Mapping Boise Air: Spatio-Temporal Differences in Particulate Matter Distribution in the Greater Boise Area

Document Type

Student Presentation

Presentation Date



School of Public Service


Environmental Studies

Faculty Sponsor

Beau Hansen


Fine particulate matter (PM 2.5) can have a detrimental impact on humans, including cardiovascular and respiratory effects. These PM 2.5 values are communicated by the Idaho Department of Environmental Quality (DEQ) via stationary monitors, however research has suggested that stationary monitors are not adequate in showing air quality variance across a larger spatial range. Using this information we asked: as the city of Boise, Idaho has grown, how has particulate matter distribution changed? We utilized 2 Aerocet 831 Handheld Particle Counters to take weekly measurements of PM 2.5 levels in downtown Boise and along the Boise Greenbelt pedestrian pathway. The Downtown Grid was designed to encapsulate low and high traffic areas, and the Greenbelt Grid to encapsulate pedestrian and vehicular pathways. Our measurements were then compared to readings taken by a DEQ stationary air monitor located at St. Luke’s, Meridian. One finding is that downtown Boise has higher PM 2.5 values than the Boise Greenbelt, with a median value of 9.8 compared to 4.1, respectively. The research has found that even over short distances there can be a large disparity between PM levels. This preliminary research could be used to guide future studies and communicate more accurate information to sensitive populations.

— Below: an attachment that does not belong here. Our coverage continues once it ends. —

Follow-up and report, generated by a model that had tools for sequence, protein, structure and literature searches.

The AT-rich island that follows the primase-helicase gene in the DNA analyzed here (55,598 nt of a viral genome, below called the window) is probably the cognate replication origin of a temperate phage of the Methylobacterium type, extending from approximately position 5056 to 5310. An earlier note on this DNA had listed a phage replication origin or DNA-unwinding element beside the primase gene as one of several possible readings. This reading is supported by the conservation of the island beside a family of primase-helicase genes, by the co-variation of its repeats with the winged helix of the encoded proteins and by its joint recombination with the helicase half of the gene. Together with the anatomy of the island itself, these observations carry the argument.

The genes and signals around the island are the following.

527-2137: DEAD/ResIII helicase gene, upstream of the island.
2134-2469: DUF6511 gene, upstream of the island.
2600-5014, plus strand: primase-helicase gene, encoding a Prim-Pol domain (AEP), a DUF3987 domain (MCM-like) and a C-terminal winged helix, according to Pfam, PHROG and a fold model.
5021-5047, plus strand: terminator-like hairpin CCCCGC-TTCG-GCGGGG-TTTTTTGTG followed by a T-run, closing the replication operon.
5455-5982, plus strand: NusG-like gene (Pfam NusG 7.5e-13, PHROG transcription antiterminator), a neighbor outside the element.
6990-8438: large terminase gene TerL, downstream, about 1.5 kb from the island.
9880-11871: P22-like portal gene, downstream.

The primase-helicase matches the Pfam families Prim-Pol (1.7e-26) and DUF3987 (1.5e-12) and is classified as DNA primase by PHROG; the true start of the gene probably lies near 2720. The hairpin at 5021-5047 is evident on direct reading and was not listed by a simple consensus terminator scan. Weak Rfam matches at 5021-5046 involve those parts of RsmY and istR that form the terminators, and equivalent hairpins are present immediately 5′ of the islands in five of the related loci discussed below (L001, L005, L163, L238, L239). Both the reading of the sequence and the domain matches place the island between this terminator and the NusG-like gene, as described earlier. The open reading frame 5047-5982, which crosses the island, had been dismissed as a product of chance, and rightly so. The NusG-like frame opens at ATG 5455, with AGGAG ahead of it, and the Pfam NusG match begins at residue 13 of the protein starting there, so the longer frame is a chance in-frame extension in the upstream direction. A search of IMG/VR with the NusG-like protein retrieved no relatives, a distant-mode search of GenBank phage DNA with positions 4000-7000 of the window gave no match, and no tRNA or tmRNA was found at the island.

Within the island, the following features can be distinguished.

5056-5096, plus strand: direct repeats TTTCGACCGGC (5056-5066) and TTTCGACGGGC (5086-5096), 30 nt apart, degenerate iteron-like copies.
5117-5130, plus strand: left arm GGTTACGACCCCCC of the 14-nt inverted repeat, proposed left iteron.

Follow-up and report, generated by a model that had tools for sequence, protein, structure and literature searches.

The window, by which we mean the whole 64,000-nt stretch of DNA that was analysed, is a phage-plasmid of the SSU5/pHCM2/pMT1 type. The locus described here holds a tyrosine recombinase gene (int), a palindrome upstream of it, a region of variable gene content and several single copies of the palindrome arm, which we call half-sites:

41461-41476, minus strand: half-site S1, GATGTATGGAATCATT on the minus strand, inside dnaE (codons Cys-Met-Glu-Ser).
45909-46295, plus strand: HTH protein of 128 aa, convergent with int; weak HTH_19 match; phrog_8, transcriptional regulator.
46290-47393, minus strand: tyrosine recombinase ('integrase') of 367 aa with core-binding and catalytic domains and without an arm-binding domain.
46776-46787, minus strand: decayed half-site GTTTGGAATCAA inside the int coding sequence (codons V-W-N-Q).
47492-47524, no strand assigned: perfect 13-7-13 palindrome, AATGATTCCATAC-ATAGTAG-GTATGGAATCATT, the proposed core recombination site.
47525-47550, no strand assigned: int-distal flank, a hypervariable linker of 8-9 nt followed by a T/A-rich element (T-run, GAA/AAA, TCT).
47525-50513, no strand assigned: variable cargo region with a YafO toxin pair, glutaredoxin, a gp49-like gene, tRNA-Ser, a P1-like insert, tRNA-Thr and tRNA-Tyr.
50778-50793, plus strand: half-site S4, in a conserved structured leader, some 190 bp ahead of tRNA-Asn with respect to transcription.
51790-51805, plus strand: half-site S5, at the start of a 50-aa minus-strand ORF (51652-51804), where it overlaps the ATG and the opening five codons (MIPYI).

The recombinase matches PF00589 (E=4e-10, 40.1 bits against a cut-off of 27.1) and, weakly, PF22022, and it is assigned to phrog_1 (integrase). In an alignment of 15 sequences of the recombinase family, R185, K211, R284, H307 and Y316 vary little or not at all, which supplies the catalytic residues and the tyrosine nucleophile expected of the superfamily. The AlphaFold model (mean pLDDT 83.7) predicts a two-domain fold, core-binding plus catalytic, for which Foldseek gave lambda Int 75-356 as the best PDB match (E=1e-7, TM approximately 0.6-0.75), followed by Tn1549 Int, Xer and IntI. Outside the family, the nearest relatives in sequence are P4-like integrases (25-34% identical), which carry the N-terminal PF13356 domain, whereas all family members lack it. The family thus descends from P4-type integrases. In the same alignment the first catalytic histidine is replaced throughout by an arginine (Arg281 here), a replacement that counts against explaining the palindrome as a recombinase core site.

Acknowledgements: The research for the project described was supported by the Environmental Studies program of Boise State University and administered by Dr. Beau Hansen. Funding was also provided by the Idaho Department of Environmental Quality and research conducted in partnership with Pollution Prevention Projects Coordinator Ben Jarvis.

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